Context Free Grammars. CS154 Chris Pollett Mar 1, 2006.


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1 Context Free Grammars CS154 Chris Pollett Mar 1, 2006.
2 Outline Formal Definition Ambiguity Chomsky Normal Form
3 Formal Definitions A context free grammar is a 4tuple (V, Σ, R, S) where 1. V is a finite set called the variables 2. Σ is a finite set, disjoint from V called the terminals. 3. R is a finite set of rules, with each rule being a pair consisting of a variable and a string of variables and terminals, and 4. S V is a start variable. For a rule A> w where w is a string over (V Σ), and for other strings u and v, we say uav yields uwv, written uav => uwv. We say u derives v, written u=> * v, if there is a finite sequence: u => u 1 => u 2 => => u k => v.
4 Example Consider the grammar G= (V, Σ, R, <EXPR>) where V is {<EXPR>, <TERM>, <FACTOR>} and Σ is (a, +, x, (, )) and the rules are: <EXPR> > <EXPR> + <TERM> <TERM> <TERM> > <TERM> x <FACTOR> <FACTOR> <FACTOR> > (<EXPR>) a One can verify that <EXPR> => * (a+a) x a.
5 Techniques for Designing CFGs Many CFLs are the union of simpler CFLs. So one can design a CFG for each in turn with start states S 1, S 2, S n.then take the union of the rules and add a new start variable with a rule S> S 1 S 2 S n. For example, take the language {0 n 1 n n>=0} {1 n 0 n n>=0}. First we could make CFGs for each language separately. Say, S 1 > 0 S 1 1 ε and S 2 > 1 S 2 0 ε. Then add the rule S> S 1 S 2. A CFG for a language that is regular can be had by first make a DFA for the language. For each state q i make a variable R i and for each transition δ(q i,a) = q j make a rule R i > a R j. Have the start state variable be R 0. Add rules R i > ε for each final state.
6 More Techniques for Designing CFGs For CFL which contain two substrings which are linked in the sense that a machine for such a language would need to remember information about one on the strings to verify information about the other substring, you might want to consider rules of the form R > u R v. Here u and v should satisfy the property you are trying to verify.
7 Ambiguity Sometime a grammar can generate string in more than one way. Such a string will have several different parse trees. As the parse tree is supposed to give us the meaning, such a string would have more than one meaning. A string with more than one parse tree with respect to a grammar is said to be ambiguously derived in that grammar. For example, consider <EXPR> > <EXPR>+ <EXPR> <EXPR> x <EXPR> (<EXPR>) a. Then a + a x a can be derived with two different parse trees.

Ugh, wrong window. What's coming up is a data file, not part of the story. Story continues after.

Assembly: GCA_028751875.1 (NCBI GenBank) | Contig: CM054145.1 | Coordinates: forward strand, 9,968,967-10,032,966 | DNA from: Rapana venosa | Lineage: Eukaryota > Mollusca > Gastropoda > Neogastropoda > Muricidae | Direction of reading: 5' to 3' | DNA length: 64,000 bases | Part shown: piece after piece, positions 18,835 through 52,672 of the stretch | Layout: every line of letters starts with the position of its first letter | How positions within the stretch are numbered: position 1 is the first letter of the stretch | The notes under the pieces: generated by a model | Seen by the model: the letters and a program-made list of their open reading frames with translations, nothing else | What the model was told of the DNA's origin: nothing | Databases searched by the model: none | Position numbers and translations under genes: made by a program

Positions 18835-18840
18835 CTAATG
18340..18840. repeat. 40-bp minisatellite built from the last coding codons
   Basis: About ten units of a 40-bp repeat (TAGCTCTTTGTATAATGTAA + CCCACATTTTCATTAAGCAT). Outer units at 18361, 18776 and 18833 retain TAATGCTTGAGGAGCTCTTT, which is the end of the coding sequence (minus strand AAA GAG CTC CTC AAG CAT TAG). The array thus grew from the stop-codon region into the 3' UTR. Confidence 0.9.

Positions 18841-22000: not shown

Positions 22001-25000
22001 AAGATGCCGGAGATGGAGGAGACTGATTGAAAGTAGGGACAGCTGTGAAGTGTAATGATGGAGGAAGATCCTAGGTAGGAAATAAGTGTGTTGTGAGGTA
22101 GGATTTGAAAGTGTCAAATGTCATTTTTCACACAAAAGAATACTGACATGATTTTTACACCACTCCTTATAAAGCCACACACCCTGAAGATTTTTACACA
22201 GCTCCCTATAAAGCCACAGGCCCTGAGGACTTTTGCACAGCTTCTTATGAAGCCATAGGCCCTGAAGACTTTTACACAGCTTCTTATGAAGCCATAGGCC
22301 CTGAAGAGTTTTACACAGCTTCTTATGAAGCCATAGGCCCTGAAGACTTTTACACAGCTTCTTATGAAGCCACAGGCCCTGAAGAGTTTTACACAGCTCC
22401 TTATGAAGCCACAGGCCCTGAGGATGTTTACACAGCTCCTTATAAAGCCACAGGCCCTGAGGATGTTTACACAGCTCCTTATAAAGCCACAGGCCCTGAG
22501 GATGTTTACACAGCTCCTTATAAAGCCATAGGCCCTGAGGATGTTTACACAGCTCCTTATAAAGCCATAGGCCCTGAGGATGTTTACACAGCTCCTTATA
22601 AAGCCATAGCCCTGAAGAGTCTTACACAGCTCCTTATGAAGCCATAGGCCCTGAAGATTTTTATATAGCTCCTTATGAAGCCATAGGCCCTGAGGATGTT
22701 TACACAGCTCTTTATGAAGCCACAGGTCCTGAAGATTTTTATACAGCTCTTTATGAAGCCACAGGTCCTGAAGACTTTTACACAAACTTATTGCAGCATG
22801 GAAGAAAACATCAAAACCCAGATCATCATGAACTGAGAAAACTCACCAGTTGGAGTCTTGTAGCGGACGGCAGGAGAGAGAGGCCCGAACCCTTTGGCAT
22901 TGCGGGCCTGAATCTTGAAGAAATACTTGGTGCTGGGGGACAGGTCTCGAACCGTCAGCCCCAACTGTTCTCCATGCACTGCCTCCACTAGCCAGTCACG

8 Leftmost Derivations We want to formalize the notion of ambiguity in terms of derivations rather than parse trees as derivations are easier to work with syntactically. We say that a derivation of a string w in a grammar G is a leftmost derivation if at every step the leftmost remaining variable is the one replaced. A string w is derived ambiguously in G if it has two or more different leftmost derivations. A CFG is called ambiguous if it generates some string ambiguously. There are often many different CFGs for the same language. Even though one of these may be ambiguous some other may be unambiguous. We say a language is inherently ambiguous if one can never find an unambiguous CFG for it. One of the problems in the book asks you to prove that {a i b j c k i=j or j=k} is inherently ambiguous.
9 Chomsky Normal Form When working with CFGs it is convenient to have them in some kind of normal form in order to do proofs. Chomsky Normal Form is often used. A CFG is in Chomsky Normal Form if every rule is of the form A>BC or of the form A>a, where A,B,C are any variables and a is a terminal. In addition the rule S> ε is permitted.
10 Conversion to Chomsky Normal Form Any CFL L can be generated by a CFG in Chomsky Normal Form Proof Let G be a CFG for L. First we add a new start variable and rule S 0 >S. This guarentees the start variable does not occur on the RHS of any rule. Second we remove any εrules A> ε where A is not the start variable. Then for each occurrence of A on the RHS of a rule, say R> uav, we add a rule R> uv. We do this for each occurrence of an A. So for R> uavaw, we would add the rules R>uvAw, R> uavw, R> uvw. If we had the rule R>A, add the rule R> ε unless we previously removed the rule R> ε. Then we repeat the process with R. Next we handle unit rule A> B. To do this, we delete this rule and then for each rule of the form B> u, we add then rule A>u, unless this is a unit rule that was previously removed. We repeat until we eliminate unit rules. Finally, we convert all the remaining rules to the proper form. For any rule A> u 1 u 2 u k where k>=3 and each ui is a variable or a terminal symbol, we replace the rule with A > u 1 A 1, A 1 > u 2 A 2, A k2 > u k1 u k. For any rule with k=2, we replace any nonterminal with a new variable U i and a rule U i > u i.
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